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Google Reads Flash

Lately, this blog has been less about Flash and more about me apologizing for it not working.

So here’s an interesting article about Flash and SEO:

Google Reads Flash Text, so Optimize It

This is a huge step in the right direction for Flash. For many years, one of the biggest arguments against Flash was its unreadability to search engines. And really, that was one of the few remaining arguments with any merit.

Now, while I think this is a big win for Flash, I also believe it will be a few years before this makes any difference. Existing Flash sites with no SEO will have to be rebuilt, and sites built by less experienced developers will still probably avoid this altogether.

Also, please note the feed URL has changed.. it’s now I think the GoDaddy ads may be breaking it though so I am searching a more stable solution.


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And, we’re back!

I hope.

Hosting and maintaining this blog has proven to be quite a challenge but this latest go-round should at least provide some stability.

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now requiring user registration and login

I know there has been problems with this before, but the amount of spam I’m getting on a nearly hourly basis has gotten to be too much.

From now on, users must register before adding comments to a post. I’m not going to steal, sell, or otherwise misuse your information, this is strictly a spam-busting measure.

Initially, some users had problems with registering, so please contact me if you experience any problems.



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Disabling the FLVPlayback component’s controls (including seekbar!)

I’ve stumbled on another one of those “everyone wants to do it, but nobody knows how” issues in Flash: how to disable the controls on the FLVPlayback component.

After quite a bit of documentation-reading, web-searching, and forum-browsing, I’ve come up with a function for easy, on-the-fly toggling of controller-enable-ability.

with a FLVPlayback instance on the stage, add the following to your ActionScript: = function(bEnabled:Boolean){
this.skin_mc.seekBar_mc.handle_mc._visible = bEnabled;
this.stopButton =this.skin_mc.stop_mc;
this.backButton = this.skin_mc.back_mc;
this.forwardButton = this.skin_mc.forward_mc;
this.seekBar = this.skin_mc.seekBar_mc;
this.onEnterFrame = function(){
this.stopButton = this.skin_mc.stop_mc.disabled_mc
this.backButton = this.skin_mc.back_mc.disabled_mc;
this.forwardButton = this.skin_mc.forward_mc.disabled_mc;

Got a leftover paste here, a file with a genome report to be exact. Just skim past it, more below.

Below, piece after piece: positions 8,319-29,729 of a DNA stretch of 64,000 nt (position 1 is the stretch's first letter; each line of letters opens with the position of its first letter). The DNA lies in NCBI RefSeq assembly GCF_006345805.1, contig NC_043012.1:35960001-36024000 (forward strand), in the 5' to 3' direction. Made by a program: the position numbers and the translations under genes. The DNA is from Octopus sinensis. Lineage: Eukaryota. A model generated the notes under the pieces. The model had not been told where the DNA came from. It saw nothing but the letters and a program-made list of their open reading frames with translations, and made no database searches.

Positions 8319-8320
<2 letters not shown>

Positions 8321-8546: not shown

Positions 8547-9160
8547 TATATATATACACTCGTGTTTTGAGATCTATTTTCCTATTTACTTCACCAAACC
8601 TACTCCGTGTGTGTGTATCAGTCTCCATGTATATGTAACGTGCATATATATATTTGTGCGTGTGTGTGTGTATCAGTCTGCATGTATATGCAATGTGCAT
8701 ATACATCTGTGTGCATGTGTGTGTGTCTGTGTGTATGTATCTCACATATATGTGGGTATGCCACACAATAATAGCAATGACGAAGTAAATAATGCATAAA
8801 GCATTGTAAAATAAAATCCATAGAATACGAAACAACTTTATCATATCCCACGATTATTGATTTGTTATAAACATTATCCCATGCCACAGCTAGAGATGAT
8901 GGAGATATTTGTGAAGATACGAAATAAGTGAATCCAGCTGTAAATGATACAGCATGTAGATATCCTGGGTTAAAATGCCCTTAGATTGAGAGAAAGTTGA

this.seekBar = null;
delete this.onEnterFrame;

Now, for a bit of explanation:

The first step is to simply toggle the visibility of the SeekBar handle. With it invisible, there is no way the user can use it, and this seems to be the simplest solution, rather than digging through the MC structure of a component skin and figuring out how that handle is, uh, handled. So, the bEnabled value can double as the visibility value for the handled: true (visible) for enabled buttons, or false (invisible) for disabled.

For the rest of the buttons, it’s not so simple. Users have come to expect a “ghosted” or “grayed-out” appearance for a disabled button, so simply removing them as we did with the scrollbar handle would be bad form. Luckily, the pre-made skin SWFs for the FLVplayback component include disabled states for everything, and we can use these.

Because the component skins use bitmap caching and 9-slice scaling to maximize their flexibility, simply setting the button properties to the disabled MC won’t work, and it requires a bit more of a brute-force approach to get those buttons to appear. Hence, the onEnterFrame and updateAfterEvent() commands. updateAfterEvent() forces an update of the stage, so it will make those disabled-states appear, but it only works as part of a clip event, such as onEnterFrame. So we wrap the whole thing in an onEnterFrame, and then delete the onEnterFrame function to save on processing and memory.

I should note that I developed this using the SteelExternalAll.swf skin. The documentation indicates that the skins are built using a universal structure, so it should work for any of them, but I’m not making any promises.

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Sorry for the XML parsing errors in the feed and the general slowness of the site. After a lot of back-and-forth with my web host, we determined that the issue was temp files clogging up the cache. I deleted nearly 200,000 files and it seems to run well again!

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